According to Hannah Davis, director of IT services, accessibility and sustainability for ORT, faculty planning committees take part in accessibility training, but it’s not mandatory for frosh leaders to take part.
“Training your [frosh] leaders about accessibility is less important [than orientation committees], because at that level, they’re not planning things,” Davis, PheKin ’14 said.
ORT guides each faculty’s orientation committee to plan events to be as accessible as possible, but they don’t have a say in how they end up.
“We’re not there to tell [each faculty] what to do or anything like that. We’re just a resource to help them,” she said.
Going through Disability Services rather than ORT or ASUS helped Courtney Weaver, ArtSci ’14, get comfortable prior to Frosh Week.
Weaver, who has mild asperger’s syndrome, contacted Disability Services before Frosh Week. They arranged to have her meet her frosh leaders beforehand in order to quell her worries.
Once informed, she said they did a good job making this special arrangement for her.
“Disability Services was very good about it, but you have to make your request known first,” she said.
If she hadn’t had the opportunity to meet her Gaels beforehand, Weaver said she’s not sure the same type of vigilance would have been paid by her Orientation Week leaders. Founder of Queen’s InvisAbilities, Julie Harmgardt, ArtSci ’12, has concerns regarding the ORT special accommodation forms.
“I’m not even sure where those go to be honest. I’m really curious to know if they’re actually taken into consideration. Are they given to the frosh leaders?”
ORT was not available for comment on the issue.
Harmgardt started Queen’s InvisAbilities in 2009 to raise awareness about invisible illnesses on campus. She herself was diagnosed with arthritis when she was in her second-year at the University.
Although she hadn’t been diagnosed when she first came to Queen’s, after her diagnosis she looked back and realized how inaccessible some Frosh Week events were.
“A lot of the activities I found with Frosh Week are very physical. They’re based on people running, people sprinting, diving and all these very physical things. There’s no way I could have ever done that,” she said.
Running during Commerce frosh events is one of the most troubling activities, she said, as it plays such an integral role in the faculty’s orientation events. “What would we do? That’s all they do all day. They run. So automatically you’re labeled as weird because why aren’t you running,” she said. “Or if you attempt to run, you’re hurting yourself.”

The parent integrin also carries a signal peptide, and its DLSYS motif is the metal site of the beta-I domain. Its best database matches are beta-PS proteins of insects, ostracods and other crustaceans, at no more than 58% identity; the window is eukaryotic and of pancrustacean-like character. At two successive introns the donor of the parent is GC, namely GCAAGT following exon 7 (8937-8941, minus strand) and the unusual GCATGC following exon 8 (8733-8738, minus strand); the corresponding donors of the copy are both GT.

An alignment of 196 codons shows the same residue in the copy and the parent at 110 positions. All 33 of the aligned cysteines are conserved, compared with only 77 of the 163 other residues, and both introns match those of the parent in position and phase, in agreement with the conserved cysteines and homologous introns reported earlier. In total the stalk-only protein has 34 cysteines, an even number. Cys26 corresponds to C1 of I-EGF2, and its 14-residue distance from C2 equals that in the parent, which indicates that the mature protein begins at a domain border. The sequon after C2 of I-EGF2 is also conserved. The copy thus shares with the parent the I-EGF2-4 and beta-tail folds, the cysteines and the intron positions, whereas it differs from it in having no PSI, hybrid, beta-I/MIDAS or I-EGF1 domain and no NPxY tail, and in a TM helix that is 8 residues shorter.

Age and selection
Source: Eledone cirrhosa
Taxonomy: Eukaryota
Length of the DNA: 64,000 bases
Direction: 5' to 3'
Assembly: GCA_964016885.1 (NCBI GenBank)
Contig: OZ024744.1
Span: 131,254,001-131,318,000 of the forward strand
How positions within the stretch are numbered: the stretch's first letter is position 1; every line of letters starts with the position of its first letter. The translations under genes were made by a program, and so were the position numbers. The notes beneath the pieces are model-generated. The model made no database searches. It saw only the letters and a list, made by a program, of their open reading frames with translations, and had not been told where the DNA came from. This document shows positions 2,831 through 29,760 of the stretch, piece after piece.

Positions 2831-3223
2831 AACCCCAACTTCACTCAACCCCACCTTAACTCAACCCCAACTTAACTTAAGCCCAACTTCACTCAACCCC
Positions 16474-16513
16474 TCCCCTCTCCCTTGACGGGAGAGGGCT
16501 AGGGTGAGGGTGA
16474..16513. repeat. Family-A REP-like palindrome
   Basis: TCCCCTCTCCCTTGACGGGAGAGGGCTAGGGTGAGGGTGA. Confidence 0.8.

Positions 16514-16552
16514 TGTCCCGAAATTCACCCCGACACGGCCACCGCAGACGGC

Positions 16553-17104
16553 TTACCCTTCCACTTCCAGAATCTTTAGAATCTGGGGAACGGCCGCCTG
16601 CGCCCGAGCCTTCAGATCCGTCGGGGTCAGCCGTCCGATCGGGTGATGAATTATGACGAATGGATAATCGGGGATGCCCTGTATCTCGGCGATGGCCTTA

Harmgardt said the unsanctioned consumption of alcohol during frosh week can pose a problem for students who can’t drink due to their condition or medication they may have to take, according to Harmgardt.
“A lot of people I’ve spoken to say that was one of the most awkward experiences in residence,” she said.
Because of this, students with illnesses may feel like they need to disclose their condition to people they don’t yet trust, she said.
Harmgardt acknowledges that while there’s no simple solution to accommodate everybody, the amount of activities that involve physicality in Frosh Week should be reduced.
According to Heidi Penning, Equity Officer at the University’s Equity Office, by law, all orientation leaders must take accessibility training, as outlined in the Accessibility for Ontarians with Disabilities Act (AODA).
However the online training may not result in optimal learning, she said.
“What we’re hoping to achieve with the online is to pique people’s interest (in accessibility issues),” Penning said.
The Engineering Society (EngSoc) requires that one FREC from each frosh group take the in-person training.
“We make sure to notify that person if there is someone who needs special accommodations,” EngSoc Orientation Chair Andrew Turvey said.
Turvey, Sci ’14, said there is no set accessibility policy for EngSoc frosh events, but they do make special accommodations for those who need them.
“We encourage frosh to stay within groups,” he said. “But we do find other constructive ways to get involved, whether that’s cheering or playing a more logistical role for the event.”